By Neil Schulman
Sea Bright — The Sea Bright Police Department has promoted three officers to fill spots left by recent retirements.
At the Jan. 15 Borough Council meeting, Kevin Lovgren was promoted to the rank of Sergeant, and John Arias and Eric Bennett were both promoted to the rank of Corporal.
Councilman James LoBiondo said these promotions will help keep the department functioning smoothly.
“We’ll have supervisors on every shift,” he said.
Like the rest of the borough, the Sea Bright Police Department was hit hard by Superstorm Sandy. The building sustained major damage, as did the Fire Department. Officials are figuring out where to put police long term.
“We’re still discussing where we will put the Police Department, but it will probably be in here (Borough Hall),” Councilman Read Murphy said.
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Sea Bright Council will hold a special meeting Tuesday to introduce an ordinance changing the base flood elevations and height calculations.
The borough regulations will use two feet above FEMA’s Advisory Base Flood Elevations (ABFE) as the recommended heights for all buildings.
FEMA introduced the ABFE maps last month, as guidelines to help residents in the area who were considering how to raise damaged homes following Sandy. While these are still advisory, they will be tentatively adopted at the end of the year.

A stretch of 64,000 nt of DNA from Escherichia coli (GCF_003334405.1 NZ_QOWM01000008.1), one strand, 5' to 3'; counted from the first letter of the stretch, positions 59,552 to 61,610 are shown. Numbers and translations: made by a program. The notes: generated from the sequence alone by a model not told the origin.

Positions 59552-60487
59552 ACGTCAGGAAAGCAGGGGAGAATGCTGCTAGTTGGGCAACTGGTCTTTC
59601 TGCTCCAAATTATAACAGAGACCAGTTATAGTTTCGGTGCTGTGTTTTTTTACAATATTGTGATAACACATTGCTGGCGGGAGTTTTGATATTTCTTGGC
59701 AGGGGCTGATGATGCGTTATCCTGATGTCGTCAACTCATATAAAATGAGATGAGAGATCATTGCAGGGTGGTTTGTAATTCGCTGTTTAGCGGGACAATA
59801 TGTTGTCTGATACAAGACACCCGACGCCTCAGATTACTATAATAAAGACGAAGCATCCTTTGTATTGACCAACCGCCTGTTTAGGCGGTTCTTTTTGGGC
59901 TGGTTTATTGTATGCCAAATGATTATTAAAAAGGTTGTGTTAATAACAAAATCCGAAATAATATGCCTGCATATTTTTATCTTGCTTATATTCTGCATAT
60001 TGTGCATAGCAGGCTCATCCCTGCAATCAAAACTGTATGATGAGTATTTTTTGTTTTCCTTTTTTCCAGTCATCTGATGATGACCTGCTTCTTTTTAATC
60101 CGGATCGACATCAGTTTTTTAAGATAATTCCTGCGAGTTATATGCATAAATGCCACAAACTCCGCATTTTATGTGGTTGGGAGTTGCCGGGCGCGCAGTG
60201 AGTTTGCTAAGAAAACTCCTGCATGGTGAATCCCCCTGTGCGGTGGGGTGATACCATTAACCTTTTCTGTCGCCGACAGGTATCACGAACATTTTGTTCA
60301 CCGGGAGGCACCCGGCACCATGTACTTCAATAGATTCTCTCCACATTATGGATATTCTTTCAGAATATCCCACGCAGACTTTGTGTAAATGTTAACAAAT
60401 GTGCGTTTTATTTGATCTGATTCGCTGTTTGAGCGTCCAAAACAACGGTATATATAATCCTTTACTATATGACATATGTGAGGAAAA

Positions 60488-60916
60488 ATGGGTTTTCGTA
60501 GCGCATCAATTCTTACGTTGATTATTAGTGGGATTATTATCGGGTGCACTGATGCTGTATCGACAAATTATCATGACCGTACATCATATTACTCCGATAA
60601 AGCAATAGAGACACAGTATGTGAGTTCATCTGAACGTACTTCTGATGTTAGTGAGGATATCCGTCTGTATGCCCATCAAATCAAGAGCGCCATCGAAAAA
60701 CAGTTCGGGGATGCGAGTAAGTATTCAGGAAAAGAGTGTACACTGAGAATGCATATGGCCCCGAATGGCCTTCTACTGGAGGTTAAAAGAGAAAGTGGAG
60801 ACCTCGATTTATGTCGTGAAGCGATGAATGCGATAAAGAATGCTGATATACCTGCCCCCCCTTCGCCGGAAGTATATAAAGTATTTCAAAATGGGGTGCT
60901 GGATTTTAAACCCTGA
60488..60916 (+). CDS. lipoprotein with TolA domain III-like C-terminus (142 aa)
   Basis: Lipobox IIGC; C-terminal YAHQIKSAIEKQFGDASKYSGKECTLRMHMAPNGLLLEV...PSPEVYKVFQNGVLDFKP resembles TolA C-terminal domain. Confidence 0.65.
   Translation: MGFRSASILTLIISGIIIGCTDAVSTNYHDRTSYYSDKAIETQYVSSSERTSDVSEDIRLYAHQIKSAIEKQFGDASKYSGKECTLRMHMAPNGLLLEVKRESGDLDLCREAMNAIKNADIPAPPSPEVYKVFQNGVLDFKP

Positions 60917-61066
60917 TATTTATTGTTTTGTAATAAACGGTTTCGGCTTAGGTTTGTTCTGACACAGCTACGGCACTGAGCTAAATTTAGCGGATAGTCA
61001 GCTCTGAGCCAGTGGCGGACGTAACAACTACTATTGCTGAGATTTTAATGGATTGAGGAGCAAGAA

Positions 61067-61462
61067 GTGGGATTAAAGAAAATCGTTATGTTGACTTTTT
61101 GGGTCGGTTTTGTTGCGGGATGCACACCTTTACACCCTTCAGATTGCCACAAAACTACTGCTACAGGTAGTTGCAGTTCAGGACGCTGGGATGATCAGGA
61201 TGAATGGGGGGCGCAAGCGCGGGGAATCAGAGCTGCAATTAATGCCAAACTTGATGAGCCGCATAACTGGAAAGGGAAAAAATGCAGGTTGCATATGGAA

The borough’s new ordinances will incorporate FEMA’s new flood guidelines, which have changed over the last few years. This includes redefining what “base height,” of a building means. It used to be determined from the crown of the road the house was on, but now it will be made more specific to each property.
Borough officials say the advisory heights are all conservative, and if FEMA chooses to change them after their are made official, it will be to reduce, not increase them.
But many, including Mayor Dina Long, say that the way FEMA chose which zones to put houses in makes little sense. Most properties in Sea Bright are in either Zone A or V, classifications that depend on what type of storm damage is expected.
“My next door neighbor on the east side, she’s in an A zone, and I’m in the V zone, and we’ve got, six, eight feet between our windows,” Long told one resident who was concerned about their own home’
Long suggested appealing the designation when FEMA begins considering changes to their maps, which will be after they are tentatively adopted.